Bird population.

Bird population estimates were based on the analysis of mist-netting data from a 5-year (1986–1990) study on the avian hosts of EEE virus.16 From May through September annually, birds were captured in mist nets set in the swamp, dry woods, an overgrown orchard, hedgerows, and field-edge ecotones, all within walking distance of the NYSDOH encephalitis field station19 on the northern edge of THS (Figure 1). The field station (43°16′05″ N, 76°04′01″ W) is 2 km east of the perimeter resting box site. All birds were banded with US Fish and Wildlife Services bands. Data on species, age, sex, date, and location of capture were recorded by band number. Avian nomenclature followed the sixth edition of the American Ornithologists’ Union24 (AOU) and grouping of birds into orders and families followed the AOU classification.24

DNA isolation from blood-fed mosquitoes.

With the aid of a dissecting microscope, mosquito abdomens were removed and reserved for blood-meal analysis. Each mosquito was dissected individually on a new microscope slide by using flame-sterilized forceps to avoid cross-contamination. DNA was isolated from the abdominal contents of blood-fed mosquitoes individually by using DNA-zol BD, (Molecular Research Center, Cincinnati, OH) according to the manufacturer’s recommendation with some modifications.18 Briefly, individual mosquito abdomens were homogenized with heat-sealed pipette tips in 1.5-mL tubes containing DNA-zol BD solution. The homogenates were incubated at room temperature for 5–10 minutes, mixed, and centrifuged at 10,000g for 10 minutes. DNA was precipitated by adding isopropanol and 3–4 μL Poly Acryl Carrier (Molecular Research Center). The DNA pellet was washed twice with 75% ethanol, air dried briefly, reconstituted in TE buffer (10 mmol/L Tris-HCl [pH 8.0], 1 mmol/L EDTA), and stored at −20°C for further analysis.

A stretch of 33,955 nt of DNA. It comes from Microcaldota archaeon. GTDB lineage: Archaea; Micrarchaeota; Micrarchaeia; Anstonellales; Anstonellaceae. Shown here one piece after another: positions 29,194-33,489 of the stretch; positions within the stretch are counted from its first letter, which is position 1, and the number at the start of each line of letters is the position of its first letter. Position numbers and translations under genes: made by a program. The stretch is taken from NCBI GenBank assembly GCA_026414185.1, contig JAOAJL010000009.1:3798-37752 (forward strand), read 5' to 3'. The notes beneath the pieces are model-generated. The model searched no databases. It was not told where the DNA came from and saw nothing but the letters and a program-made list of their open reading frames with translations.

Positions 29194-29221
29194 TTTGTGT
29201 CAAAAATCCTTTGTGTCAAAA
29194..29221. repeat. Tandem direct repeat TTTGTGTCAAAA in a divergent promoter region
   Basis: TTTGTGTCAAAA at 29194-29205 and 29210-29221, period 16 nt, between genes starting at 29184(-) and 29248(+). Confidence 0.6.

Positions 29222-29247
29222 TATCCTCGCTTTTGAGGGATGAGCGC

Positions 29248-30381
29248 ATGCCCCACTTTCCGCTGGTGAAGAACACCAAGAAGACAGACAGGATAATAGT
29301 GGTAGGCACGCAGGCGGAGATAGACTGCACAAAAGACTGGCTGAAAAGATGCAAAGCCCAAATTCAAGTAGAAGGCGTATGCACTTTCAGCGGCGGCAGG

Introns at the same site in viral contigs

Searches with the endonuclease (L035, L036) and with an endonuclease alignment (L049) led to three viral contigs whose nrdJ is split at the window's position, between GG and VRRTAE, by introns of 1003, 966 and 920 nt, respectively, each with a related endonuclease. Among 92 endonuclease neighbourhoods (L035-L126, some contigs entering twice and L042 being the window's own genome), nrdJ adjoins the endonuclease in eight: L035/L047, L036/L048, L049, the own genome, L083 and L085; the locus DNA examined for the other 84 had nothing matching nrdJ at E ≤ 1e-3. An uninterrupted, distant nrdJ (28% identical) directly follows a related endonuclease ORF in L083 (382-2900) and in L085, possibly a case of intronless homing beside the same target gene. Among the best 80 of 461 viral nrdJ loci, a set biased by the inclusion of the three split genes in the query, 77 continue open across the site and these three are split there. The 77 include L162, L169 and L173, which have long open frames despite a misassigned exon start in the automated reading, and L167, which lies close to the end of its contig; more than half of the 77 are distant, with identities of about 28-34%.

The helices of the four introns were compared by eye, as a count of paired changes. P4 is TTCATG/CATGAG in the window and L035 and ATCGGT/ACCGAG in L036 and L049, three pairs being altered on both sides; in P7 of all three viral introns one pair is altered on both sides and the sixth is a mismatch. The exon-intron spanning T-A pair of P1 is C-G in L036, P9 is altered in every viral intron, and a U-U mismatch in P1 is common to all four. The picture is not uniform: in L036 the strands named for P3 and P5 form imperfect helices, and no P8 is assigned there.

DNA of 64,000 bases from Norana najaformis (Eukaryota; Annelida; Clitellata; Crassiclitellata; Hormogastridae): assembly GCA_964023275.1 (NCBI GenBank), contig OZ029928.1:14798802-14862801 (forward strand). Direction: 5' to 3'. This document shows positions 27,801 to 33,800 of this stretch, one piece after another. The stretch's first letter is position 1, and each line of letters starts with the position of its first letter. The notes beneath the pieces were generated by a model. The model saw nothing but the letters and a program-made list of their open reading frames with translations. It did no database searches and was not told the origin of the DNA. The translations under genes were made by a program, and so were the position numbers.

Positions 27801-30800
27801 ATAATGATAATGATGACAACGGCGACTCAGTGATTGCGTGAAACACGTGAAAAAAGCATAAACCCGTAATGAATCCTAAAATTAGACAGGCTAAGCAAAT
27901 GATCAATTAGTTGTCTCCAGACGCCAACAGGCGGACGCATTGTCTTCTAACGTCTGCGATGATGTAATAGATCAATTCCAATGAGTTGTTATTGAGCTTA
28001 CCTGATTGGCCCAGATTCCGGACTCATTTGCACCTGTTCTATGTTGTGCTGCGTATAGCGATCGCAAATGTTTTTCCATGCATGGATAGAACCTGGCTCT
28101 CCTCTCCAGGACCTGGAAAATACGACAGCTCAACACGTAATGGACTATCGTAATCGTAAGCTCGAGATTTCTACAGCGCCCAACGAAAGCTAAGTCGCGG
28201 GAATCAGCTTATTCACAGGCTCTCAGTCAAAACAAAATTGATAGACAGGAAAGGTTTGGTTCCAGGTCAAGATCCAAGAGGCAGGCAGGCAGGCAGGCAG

Blood-meal analysis.

Isolated DNA from the mosquito blood meals served as DNA templates in subsequent PCR reactions. PCR primers were either based on a multiple alignment of cytochrome b sequences of avian and mammalian species obtained from GenBank or previously published primer sequences.18 All DNA templates were initially screened with avian- and mammalian-specific primer pairs, and the sequences were analyzed. Avian-specific PCR primers were 5′-GAC TGT GAC AAA ATC CCN TTC CA-3′ (forward) and 5′-GGT CTT CAT CTY HGG YTT ACA AGA C-3′ (reverse) with amplified product size of 508 bp. PCR cycling condition included an initial reaction activation step at 95°C for 5 minutes, followed by 36 cycles of denaturation at 94°C for 30 seconds, annealing at 60°C for 50 seconds, and extension at 72°C for 40 seconds. The final cycle was completed with 7 minutes of extension at 72°C. Mammalian-specific PCR primers were 5′-CGA AGC TTG ATA TGA AAA ACC ATC GTT G-3′ (forward) and 5′-TGT AGT TRT CWG GGT CHC CTA-3′ (reverse) with amplified product size of 772 bp. Initial PCR reaction activation step was performed at 95°C for 10 minutes followed by 36 cycles of denaturation at 94°C for 30 seconds, annealing at 55°C for 45 seconds, and extension at 72°C for 1.5 minutes. The final cycle was completed with 7 minutes of extension at 72°C. In a few cases, other primer pairs were additionally used to resolve ambiguous sequences.18 A Taq PCR Core Kit (Qiagen, Valencia, CA) was used for all PCR reactions according to the manufacturer’s recommendation. A 50-μL reaction volume was prepared with 3 μL template DNA, 4 μL each primer (0.1–0.5 μmol/L), 5 μL 10× QIAGEN PCR Buffer (containing 15 mmol/L MgCl2), 1 μL dNTP mix (10 mmol/L each), 0.25 μL Taq DNA Polymerase (1.25 U/reaction), and 32.75 μL water. PCR reactions were performed with the GeneAmp PCR System 9700 (Applied Biosystems, Foster City, CA) using previously described thermal-cycling conditions.18 PCR-amplified products were purified by using QIAquick PCR Purification Kit (Qiagen) and sequenced directly in cycle sequencing reactions by using the sequencer, 3730xl DNA Analyzer (Applied Biosystems) at the Keck Sequencing Facility, Yale University, New Haven, CT. Sequences were annotated by using ChromasPro version 1.22 (Technelysium Pty Ltd., Tewantin, Australia) and identified by comparison to the GenBank DNA sequence database (NCBI available online). The performance of the molecular-based assay was previously validated by isolating DNA from the blood of a number of known vertebrate species, subjecting them to PCR amplification and sequencing.18

Virus isolation and identification.